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Romulus, My Father
by Raimond Gaita | Biographies & Memoirs
Registered by livrecache of Hobart, Tasmania Australia on 1/27/2007
Average 7 star rating by BookCrossing Members 

status (set by livrecache): permanent collection


4 journalers for this copy...

Journal Entry 1 by livrecache from Hobart, Tasmania Australia on Saturday, January 27, 2007

7 out of 10

Romulus Gaita fled his home in his native Yugoslavia at the age of 13, and came to Australia with his young wife Chistine and their four-year-old son soon after the end of the Second World War. Tragic events were to overtake them. Raimond Gaita has an extraordinary story to tell about growing up with his father amid the stony paddocks and flowing grasses of country Australia.

(Signed author copy)

I was saving this for the bios and memoirs bag, but it won't fit.

Sending to tqd as her happy smile day book (once I've finished reading it, as the film inspired me to pick it up again). (13 August )) 


Journal Entry 2 by livrecache from Hobart, Tasmania Australia on Wednesday, August 15, 2007

This book has not been rated.

I've read this up to where the film finished, and I'm finding that I'm just not interested any more. As I have a couple of of other books to send to tqd, I'll send this with them.

Happy smile day, tqd. I'll be interested to hear your comments (eventually!). 


Journal Entry 3 by livrecache at By post in Melbourne, a controlled release -- Controlled Releases on Thursday, August 16, 2007

This book has not been rated.

Released 10 yrs ago (8/16/2007 UTC) at By post in Melbourne, a controlled release -- Controlled Releases

WILD RELEASE NOTES:

RELEASE NOTES:

Sending to tqd as the winner of the August Happy Smile Day draw. 


Journal Entry 4 by tqd from Sydney, New South Wales Australia on Sunday, August 19, 2007

This book has not been rated.

Thanks livrecache, it turned up this morning (braving wild and wet weather in Sydney) safe and sound with your other books (eep, so many bookrings, so little time...), and with another few from the RABCK sweepstake. I thought the insanity was slowing down given that no books turned up last Friday, but, nope, they were just all hanging out together at the Post Office before turning up en masse, obviously.

I look forward to finding the time to read this one! And the actual reading, of course.

And thanks crimson-tide for organising the sweepstake!

UPDATE 16 Apr 2008: Reserved for freelunch for the May Southern Cross exchange. 


Journal Entry 5 by tqd from Sydney, New South Wales Australia on Monday, May 19, 2008

7 out of 10

Sorry that you didn't finish this one, livrecache, I actually managed to finish it in one day (over a couple of sittings). It was quite interesting: dry and dispassionate at times, but relating some amazing stories of passion, and then every now and then a big dollop of moral philosophy.

Okay, I could have done without the moral philosophy (and I studied philosophy at Uni as an undergraduate, but, yes, that was a while ago now). It was obviously important to Gaita, both as a philosopher himself, and because a strong moral basis was so fundamental to his father's outlook and life. And that is fascinating: I don't think I've ever met anyone who is so upright and consistent in his morals.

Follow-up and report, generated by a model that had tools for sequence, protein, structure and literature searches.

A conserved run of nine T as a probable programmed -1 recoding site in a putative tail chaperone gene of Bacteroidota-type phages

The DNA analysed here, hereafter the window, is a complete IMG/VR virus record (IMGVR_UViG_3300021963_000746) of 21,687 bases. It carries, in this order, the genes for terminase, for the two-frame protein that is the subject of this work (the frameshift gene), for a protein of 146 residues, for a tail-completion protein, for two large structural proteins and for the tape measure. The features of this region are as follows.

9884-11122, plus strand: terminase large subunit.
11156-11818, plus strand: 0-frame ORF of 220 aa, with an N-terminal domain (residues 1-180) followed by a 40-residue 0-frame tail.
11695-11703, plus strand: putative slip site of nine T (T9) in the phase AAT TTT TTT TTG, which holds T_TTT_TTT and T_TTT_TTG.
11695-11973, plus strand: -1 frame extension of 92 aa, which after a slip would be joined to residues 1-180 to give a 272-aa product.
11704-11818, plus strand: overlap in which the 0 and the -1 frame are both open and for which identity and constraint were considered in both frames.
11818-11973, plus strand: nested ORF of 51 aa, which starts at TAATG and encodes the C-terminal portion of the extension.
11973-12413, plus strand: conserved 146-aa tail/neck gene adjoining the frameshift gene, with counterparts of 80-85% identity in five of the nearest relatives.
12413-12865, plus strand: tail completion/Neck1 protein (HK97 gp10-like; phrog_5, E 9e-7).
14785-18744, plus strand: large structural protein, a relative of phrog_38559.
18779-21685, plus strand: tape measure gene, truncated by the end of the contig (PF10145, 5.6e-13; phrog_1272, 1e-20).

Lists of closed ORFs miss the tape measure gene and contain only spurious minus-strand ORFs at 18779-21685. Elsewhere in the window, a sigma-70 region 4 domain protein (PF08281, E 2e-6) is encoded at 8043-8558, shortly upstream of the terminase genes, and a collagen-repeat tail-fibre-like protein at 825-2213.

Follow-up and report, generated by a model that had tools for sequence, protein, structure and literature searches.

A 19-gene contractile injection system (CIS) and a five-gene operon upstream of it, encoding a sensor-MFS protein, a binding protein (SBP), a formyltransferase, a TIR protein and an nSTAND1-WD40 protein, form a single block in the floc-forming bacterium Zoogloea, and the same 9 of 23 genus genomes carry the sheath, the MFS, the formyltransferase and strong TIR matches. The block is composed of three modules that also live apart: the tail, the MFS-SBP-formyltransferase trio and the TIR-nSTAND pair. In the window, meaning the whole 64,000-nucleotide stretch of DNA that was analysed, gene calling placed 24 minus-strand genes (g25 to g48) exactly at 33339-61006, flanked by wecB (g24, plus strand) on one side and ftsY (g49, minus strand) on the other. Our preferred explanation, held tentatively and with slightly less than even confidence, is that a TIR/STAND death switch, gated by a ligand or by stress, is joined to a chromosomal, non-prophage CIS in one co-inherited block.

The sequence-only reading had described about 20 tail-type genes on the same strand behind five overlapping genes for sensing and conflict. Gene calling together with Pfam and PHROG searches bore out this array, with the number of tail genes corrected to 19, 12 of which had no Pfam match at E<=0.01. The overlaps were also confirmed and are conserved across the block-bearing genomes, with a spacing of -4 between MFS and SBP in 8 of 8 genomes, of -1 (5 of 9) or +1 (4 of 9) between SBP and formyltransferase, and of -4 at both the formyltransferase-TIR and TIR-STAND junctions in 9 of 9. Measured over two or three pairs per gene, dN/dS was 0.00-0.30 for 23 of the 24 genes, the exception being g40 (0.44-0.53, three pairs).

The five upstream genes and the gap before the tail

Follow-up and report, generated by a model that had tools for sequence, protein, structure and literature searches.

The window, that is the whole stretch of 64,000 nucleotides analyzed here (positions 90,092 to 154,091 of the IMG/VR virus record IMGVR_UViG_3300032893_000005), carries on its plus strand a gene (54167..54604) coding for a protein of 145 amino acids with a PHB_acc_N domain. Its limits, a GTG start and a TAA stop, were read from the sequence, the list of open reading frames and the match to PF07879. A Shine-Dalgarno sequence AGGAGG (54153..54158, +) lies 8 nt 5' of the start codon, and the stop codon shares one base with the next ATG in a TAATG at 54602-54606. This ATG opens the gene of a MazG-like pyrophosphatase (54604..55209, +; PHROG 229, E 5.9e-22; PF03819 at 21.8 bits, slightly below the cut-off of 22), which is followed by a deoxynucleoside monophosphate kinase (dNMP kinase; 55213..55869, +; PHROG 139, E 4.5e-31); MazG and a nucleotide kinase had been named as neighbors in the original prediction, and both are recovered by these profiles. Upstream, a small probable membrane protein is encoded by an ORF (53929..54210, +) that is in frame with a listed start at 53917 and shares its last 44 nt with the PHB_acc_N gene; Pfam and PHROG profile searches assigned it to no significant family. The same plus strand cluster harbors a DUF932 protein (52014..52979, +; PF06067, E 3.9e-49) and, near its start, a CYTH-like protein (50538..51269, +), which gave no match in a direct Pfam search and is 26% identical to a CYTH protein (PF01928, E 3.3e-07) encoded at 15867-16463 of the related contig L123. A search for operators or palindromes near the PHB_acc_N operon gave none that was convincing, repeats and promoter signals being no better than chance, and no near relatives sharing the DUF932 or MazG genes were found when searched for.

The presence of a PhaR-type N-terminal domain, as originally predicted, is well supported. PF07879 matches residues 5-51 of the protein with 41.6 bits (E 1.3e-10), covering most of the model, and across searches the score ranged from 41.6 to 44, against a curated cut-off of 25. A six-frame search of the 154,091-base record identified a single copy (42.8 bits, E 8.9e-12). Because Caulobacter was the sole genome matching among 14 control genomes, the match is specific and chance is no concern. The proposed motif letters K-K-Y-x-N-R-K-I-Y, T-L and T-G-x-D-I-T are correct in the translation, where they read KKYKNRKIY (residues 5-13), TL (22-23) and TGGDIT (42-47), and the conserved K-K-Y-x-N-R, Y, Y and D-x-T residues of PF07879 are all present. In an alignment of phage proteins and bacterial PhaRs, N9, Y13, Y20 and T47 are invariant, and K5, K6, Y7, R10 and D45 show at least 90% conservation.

I was very curious about Gaita's mother, her story obviously had far more that could have been told. Absolutely tragic at times, and completely unexplained! Granted, she was an absent mother, and Gaita wasn't about to write anything that he couldn't verify directly, but I wish we'd had more of her story.

Also, it is definitely a portrait of growing up in an earlier age of Australia, which was quite fascinating. (And three cheers for multiculturalism!)

Thanks for this one, livrecache. I'll be sending it to freelunch for the May Southern Cross. I hope he enjoys it too!

UPDATE 23 May 2008: And in the post to freelunch today. Happy reading! 


Journal Entry 6 by freelunch from Cairns, Queensland Australia on Monday, May 26, 2008

8 out of 10

received today, thanks very much tqd :o)

I read this bookring'd copy of Romulus, My Father a couple of months ago, also in a single day, and I really enjoyed it.

a week or so later I sat down with my wife to watch the awful film adaptation, after which the book went on my wishlist for a copy for my wife to read.

I've added it to her TBR stack (it might be there a while) 


Journal Entry 7 by freehand from Cairns, Queensland Australia on Saturday, April 18, 2009

8 out of 10

I see glimpses of my own father and his peers in Romulus - the focal point of this book. An "show and tell" of morals, values, virtues, hardwork and kinship. A good read. Ignore the film version. 


Journal Entry 8 by freelunch from Cairns, Queensland Australia on Monday, May 11, 2009

This book has not been rated.

rather than let this autographed copy drift out of the bookcrossing system I shall pop it in the post back to livrecache today... 


Journal Entry 9 by livrecache from Hobart, Tasmania Australia on Wednesday, May 20, 2009

This book has not been rated.

Welcome home, inscribed book. Thank you to the 'free' people for returning it to me. I shall read it right through shortly, now that the film is a very distant memory. I've met the author a couple of times since, and I expect to do so again soon (friend of a mutual friend) and it would be nice to be able to seem intelligent about at least one of his books. I have The Philosopher's Dog yet to read too.

Thanks to everyone who took part in this ring. 


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